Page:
I had heard a lot about the making of the film, but entered the premier with few expectations. When I walked into the small, pop-up gallery in downtown Salt Lake City, I was surprised to see the walls adorned with unique, colorful pieces of art.
After only a few minutes at the event, I quickly learned that we were all there for more than a video premier, we were there to support a cause. Proceeds and exposure created by the art and music being presented were partially going to a charity, a charity whose mission is to end human trafficking and modern day slavery.
Before the music video premiered, a slender 19-year-old girl flowed on stage. She told us about her fortune being adopted from her home country of Ghana at the age of three and coming to the United States to be raised by a loving family.
She told us, through a moving spoken-word poem, about the others in her country who were not as fortunate. Others, just like her, who found themselves sold into modern day slavery and treated as commodities of little worth.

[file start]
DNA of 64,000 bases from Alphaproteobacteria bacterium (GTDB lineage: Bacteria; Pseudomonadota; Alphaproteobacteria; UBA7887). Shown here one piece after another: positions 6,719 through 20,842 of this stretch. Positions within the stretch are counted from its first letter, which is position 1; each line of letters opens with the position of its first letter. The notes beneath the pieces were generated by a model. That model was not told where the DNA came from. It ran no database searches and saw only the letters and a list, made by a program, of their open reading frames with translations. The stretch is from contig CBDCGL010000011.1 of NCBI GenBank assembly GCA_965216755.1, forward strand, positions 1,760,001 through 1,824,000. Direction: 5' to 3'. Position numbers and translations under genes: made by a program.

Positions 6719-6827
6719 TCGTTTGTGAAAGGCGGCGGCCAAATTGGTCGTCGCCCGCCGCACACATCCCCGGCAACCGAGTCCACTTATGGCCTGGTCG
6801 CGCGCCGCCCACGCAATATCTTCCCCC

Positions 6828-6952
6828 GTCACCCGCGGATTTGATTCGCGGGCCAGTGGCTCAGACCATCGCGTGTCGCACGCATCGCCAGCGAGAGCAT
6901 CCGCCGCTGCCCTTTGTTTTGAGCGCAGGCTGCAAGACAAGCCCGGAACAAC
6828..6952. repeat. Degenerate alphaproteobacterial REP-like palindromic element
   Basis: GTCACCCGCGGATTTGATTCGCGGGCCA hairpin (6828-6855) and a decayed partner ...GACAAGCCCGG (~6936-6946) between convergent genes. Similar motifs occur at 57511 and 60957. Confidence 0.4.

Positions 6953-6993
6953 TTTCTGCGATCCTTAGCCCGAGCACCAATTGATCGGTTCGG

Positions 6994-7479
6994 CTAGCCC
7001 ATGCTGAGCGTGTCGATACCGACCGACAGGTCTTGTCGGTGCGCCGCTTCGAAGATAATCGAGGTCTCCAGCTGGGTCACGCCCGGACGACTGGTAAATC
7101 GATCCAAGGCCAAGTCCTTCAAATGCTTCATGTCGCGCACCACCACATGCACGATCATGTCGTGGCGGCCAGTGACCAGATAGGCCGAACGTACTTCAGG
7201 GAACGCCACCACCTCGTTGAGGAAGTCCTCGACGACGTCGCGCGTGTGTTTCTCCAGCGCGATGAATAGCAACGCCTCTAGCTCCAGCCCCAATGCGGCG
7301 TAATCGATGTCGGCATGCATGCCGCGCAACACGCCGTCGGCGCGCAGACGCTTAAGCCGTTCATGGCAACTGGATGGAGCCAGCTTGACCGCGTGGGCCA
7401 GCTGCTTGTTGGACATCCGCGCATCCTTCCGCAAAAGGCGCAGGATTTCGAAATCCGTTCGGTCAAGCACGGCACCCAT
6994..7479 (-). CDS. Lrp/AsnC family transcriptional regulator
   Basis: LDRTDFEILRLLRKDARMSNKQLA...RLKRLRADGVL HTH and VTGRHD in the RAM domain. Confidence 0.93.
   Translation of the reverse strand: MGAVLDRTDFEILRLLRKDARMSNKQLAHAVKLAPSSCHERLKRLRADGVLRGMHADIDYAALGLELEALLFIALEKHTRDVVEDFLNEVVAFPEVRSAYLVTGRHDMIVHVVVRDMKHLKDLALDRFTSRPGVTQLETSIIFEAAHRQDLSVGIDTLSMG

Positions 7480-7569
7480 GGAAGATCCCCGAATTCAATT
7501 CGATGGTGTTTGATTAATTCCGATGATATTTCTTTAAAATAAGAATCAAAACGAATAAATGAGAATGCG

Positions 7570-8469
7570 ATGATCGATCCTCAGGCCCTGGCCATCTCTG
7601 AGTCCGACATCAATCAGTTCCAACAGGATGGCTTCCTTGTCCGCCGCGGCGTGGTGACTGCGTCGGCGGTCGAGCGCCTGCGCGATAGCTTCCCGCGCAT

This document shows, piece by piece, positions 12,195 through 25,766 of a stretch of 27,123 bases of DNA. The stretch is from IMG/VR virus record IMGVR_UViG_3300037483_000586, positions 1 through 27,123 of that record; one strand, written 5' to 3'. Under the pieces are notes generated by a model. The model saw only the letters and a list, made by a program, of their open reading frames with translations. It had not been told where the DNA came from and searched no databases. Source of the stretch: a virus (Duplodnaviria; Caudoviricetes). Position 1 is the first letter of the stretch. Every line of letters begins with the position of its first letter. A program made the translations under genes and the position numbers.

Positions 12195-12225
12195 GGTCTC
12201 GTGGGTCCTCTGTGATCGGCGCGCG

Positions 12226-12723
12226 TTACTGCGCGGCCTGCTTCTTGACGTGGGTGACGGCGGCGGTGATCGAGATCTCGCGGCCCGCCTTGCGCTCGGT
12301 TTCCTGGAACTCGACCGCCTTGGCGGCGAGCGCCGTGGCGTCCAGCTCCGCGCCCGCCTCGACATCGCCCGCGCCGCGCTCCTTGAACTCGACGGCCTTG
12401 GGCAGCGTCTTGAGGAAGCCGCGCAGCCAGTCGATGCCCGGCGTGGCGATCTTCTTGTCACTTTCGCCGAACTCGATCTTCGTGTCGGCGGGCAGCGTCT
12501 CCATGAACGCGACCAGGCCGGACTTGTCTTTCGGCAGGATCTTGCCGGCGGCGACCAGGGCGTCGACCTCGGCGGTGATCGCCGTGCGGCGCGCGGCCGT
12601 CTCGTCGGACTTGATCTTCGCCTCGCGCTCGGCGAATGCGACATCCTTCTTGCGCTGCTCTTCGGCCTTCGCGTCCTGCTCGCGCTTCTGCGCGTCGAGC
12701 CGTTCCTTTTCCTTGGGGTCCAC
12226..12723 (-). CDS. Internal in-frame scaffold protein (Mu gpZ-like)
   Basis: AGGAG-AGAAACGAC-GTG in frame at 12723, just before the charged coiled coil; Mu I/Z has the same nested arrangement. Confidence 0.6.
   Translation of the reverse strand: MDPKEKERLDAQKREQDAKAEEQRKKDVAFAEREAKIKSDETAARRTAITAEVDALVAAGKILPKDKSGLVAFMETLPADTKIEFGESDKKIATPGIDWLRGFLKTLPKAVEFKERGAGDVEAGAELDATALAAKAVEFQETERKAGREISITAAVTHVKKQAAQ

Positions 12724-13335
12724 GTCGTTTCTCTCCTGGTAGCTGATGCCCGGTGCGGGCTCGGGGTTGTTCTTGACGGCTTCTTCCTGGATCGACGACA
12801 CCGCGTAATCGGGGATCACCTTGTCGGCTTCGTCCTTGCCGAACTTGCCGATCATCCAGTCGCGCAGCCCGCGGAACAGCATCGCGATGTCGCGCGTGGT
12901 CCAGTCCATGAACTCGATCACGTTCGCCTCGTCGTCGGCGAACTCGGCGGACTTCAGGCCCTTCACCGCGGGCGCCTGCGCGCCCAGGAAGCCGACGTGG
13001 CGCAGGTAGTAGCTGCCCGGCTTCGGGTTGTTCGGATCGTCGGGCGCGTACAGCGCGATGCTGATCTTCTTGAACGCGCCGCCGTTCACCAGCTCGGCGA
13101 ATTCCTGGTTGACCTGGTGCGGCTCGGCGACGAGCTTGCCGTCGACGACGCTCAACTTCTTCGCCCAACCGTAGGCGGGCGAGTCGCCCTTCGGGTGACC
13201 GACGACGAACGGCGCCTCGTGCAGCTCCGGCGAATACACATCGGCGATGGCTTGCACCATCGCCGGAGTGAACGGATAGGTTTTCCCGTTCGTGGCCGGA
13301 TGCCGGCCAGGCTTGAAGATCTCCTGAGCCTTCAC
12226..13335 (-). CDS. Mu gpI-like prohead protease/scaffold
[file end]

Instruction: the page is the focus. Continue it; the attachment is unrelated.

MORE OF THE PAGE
This young woman is named Lillian Nana Adjoa Martino, and she began a charity called Fahodie for Friends when she was just 16-years-old. “Fahodie” means “freedom” in Ghanaian, and that’s what Lillian and her charity work for each day.
On Fahodie for Friend’s website, they state their mission: “By working together we can be the generation to end human trafficking and slavery. We can change the lives of children and provide them with a new future…a future full of hope and freedom through the power of education.”
I was moved at how art, community and charity had come together at this event to support a cause that truly deserves more recognition. I was motivated to share this group’s efforts and their #IAmYourFriend campaign to anyone willing to listen and perhaps get involved with this noble cause.
Fahodie and Friends is raising awareness about their cause using social media and active community voices like you and me. They are also accepting volunteers that want to be a part of the cause and donations to help start rescue and education programs for children, teenagers and adults who have been subjected to slavery.
You can learn more about ways you can help here.
“Never doubt that a small group of thoughtful, committed citizens can change the world; indeed, it’s the only thing that ever has.” – Margaret Mead